Systems Engineering Seminar: Safer, More Reliable and Efficient Pneumatics
March 12, 2020

Industrial facilities such as refineries and chemical processing plants rely heavily on the use of compressed air for a variety of purposes, such as actuating valves as materials flow through vessels, reactors, and pipes. Compressed air is also used in these facilities to purge enclosures housing electronic equipment of hazardous vapors. The financial and safety risks associated with failure or malfunction of these pneumatic devices are substantial.

Systems Engineering Seminar: Improving Perioperative Cardiac Care
February 11, 2020

A cardiac anesthesiologist and critical care interventionist at the Johns Hopkins Hospital, Michael Grant is acutely aware of challenges that health care teams face when seeking to provide the best care to patients undergoing and recovering from cardiac surgery.

Systems Engineering Seminar: No More "Chasing Gremlins"
January 21, 2020

When Dawn Verlander was working as an electrical system designer for Chinook helicopters, she often heard the aircrafts' maintainers say that when something went wrong, they would just replace parts until it starts working again.

Systems Engineering Seminar: Delivering Medical Care and Expertise to Colombia's Rural Residents
December 16, 2019

As a resident of Colombia's capital city of more than 7 million residents, Sergio Sicard has access to high-quality doctors, specialists, and modern health care facilities. But he's also aware that at least 4 million of his country's fellow citizens—especially those living in the countryside—don't have the same amenities.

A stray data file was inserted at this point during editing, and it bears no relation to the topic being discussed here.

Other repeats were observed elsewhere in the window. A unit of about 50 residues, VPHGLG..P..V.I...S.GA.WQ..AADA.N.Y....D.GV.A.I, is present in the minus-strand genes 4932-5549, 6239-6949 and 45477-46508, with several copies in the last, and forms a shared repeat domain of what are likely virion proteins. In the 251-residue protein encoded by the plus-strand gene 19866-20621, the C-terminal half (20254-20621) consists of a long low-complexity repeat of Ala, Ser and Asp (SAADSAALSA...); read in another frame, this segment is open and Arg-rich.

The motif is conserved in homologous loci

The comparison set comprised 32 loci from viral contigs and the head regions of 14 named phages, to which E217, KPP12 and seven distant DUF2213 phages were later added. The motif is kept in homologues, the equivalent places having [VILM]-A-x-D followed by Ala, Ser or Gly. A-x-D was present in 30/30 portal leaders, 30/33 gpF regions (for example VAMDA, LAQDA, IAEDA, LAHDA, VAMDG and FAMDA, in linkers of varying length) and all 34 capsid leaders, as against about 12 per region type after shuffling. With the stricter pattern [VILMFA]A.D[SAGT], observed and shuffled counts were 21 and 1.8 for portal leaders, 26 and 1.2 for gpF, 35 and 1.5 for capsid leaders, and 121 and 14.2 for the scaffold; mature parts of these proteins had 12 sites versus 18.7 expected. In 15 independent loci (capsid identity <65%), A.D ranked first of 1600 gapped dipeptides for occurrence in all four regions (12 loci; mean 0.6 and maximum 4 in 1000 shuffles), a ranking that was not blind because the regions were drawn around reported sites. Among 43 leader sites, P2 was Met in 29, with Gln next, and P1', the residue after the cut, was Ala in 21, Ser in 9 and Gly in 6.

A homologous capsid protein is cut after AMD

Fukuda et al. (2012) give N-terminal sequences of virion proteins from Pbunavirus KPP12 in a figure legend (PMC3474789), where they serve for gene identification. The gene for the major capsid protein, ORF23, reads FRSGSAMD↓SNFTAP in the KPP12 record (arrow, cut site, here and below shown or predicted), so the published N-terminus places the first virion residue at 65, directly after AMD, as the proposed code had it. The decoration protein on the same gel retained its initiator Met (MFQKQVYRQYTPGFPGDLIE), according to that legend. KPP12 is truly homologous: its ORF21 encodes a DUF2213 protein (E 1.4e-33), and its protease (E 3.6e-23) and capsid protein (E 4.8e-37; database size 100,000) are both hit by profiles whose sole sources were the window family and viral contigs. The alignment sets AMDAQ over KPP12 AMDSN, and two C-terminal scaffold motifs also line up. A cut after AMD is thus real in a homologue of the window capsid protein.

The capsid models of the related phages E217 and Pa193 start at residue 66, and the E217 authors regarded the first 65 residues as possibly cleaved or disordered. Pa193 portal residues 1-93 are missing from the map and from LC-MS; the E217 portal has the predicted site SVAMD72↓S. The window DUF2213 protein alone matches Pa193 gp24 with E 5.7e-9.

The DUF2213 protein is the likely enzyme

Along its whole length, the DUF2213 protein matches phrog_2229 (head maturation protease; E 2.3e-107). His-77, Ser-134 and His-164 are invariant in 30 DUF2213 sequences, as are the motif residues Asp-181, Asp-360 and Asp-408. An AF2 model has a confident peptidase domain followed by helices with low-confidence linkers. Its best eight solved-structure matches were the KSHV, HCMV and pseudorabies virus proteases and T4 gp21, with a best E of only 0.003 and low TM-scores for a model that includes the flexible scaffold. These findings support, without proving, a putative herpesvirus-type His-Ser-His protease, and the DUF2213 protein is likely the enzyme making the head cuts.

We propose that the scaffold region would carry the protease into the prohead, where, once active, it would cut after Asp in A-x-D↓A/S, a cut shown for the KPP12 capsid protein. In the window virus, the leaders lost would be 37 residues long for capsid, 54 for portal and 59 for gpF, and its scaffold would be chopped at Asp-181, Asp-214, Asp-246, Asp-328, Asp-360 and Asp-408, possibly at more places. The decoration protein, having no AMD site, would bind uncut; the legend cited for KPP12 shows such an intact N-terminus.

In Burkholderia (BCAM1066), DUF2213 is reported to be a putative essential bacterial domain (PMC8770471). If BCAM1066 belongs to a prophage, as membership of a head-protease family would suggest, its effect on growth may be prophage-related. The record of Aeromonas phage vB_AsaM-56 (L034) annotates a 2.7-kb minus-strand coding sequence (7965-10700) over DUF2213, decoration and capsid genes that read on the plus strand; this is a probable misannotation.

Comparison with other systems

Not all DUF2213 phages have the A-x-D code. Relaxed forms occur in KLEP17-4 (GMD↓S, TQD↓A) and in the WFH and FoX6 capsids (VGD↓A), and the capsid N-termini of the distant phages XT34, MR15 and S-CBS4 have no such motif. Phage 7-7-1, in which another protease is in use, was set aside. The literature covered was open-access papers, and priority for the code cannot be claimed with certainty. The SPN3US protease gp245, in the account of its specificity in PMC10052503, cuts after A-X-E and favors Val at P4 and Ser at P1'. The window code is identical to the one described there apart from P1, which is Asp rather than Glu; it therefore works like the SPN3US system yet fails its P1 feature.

System Engineering Seminar: Using Drone Technology to Locate and Rescue Avalanche Victims
October 7, 2019

A skier and sports enthusiast, Doug Smith has enjoyed winter activities in Alaska, Colorado, Montana, and Utah, where he lives. Though he has never personally experienced an avalanche, Smith is aware that nearly 500 people have perished in the United States because of such natural disasters over the last two decades.

September 5, 2019

The statistics are sobering: Each year, about 85 American workers die in forklift-related accidents, and more than 96,000 are injured—at least 35,000 of them seriously. Many of these injuries result from pedestrians struck by forklift trucks operating in manufacturing facilities, where they often share the same space on the factory floor.

Systems Engineering Seminar: New System Enables Coordinated Communications for Autonomous Vehicles
August 1, 2019

Like most Americans, Peter Richards is fascinated by autonomous vehicles. He views the advent of these driverless cars, trucks, and buses as a paradigm shift that promises to bring enormous benefits to individuals and to society.

Systems Engineering Seminar: Real-time Aviator Tracking System Improves Coast Guard's Efficiency, Safety
April 11, 2019

As a Coast Guard aviator, Howard Baker has experienced firsthand the complexity of reporting his in-air position to command centers on the ground, especially during crises or natural disasters involving multiple aircraft carrying out multiple operations. The current system relies mainly on periodic radio calls between aviators in the air and command centers.

Systems Engineering Seminar: Autonomous Personal Air Vehicle
February 14, 2019

The roots of Bryant Tong's final Systems Engineering program project lie on a 30-mile stretch of I-495, where the modeling and simulation analyst spent many hours each morning and evening for four years, commuting between his home in Silver Spring, Maryland, and a former position in Chantilly, Virginia.

Systems Engineering Seminar: Project Defends Against Cyberattacks, Low Voter Turnout
June 4, 2018

The United States has one of the lowest voter-turnout rates of any of the world's developed countries. Only about 56 percent of Americans of legal age to vote cast ballots in the 2016 presidential election. Compare this to South Korea and the Netherlands, where 77.9 percent and 77.3 percent of the voting age population turned up polls in 2017, and the contrast is alarming.

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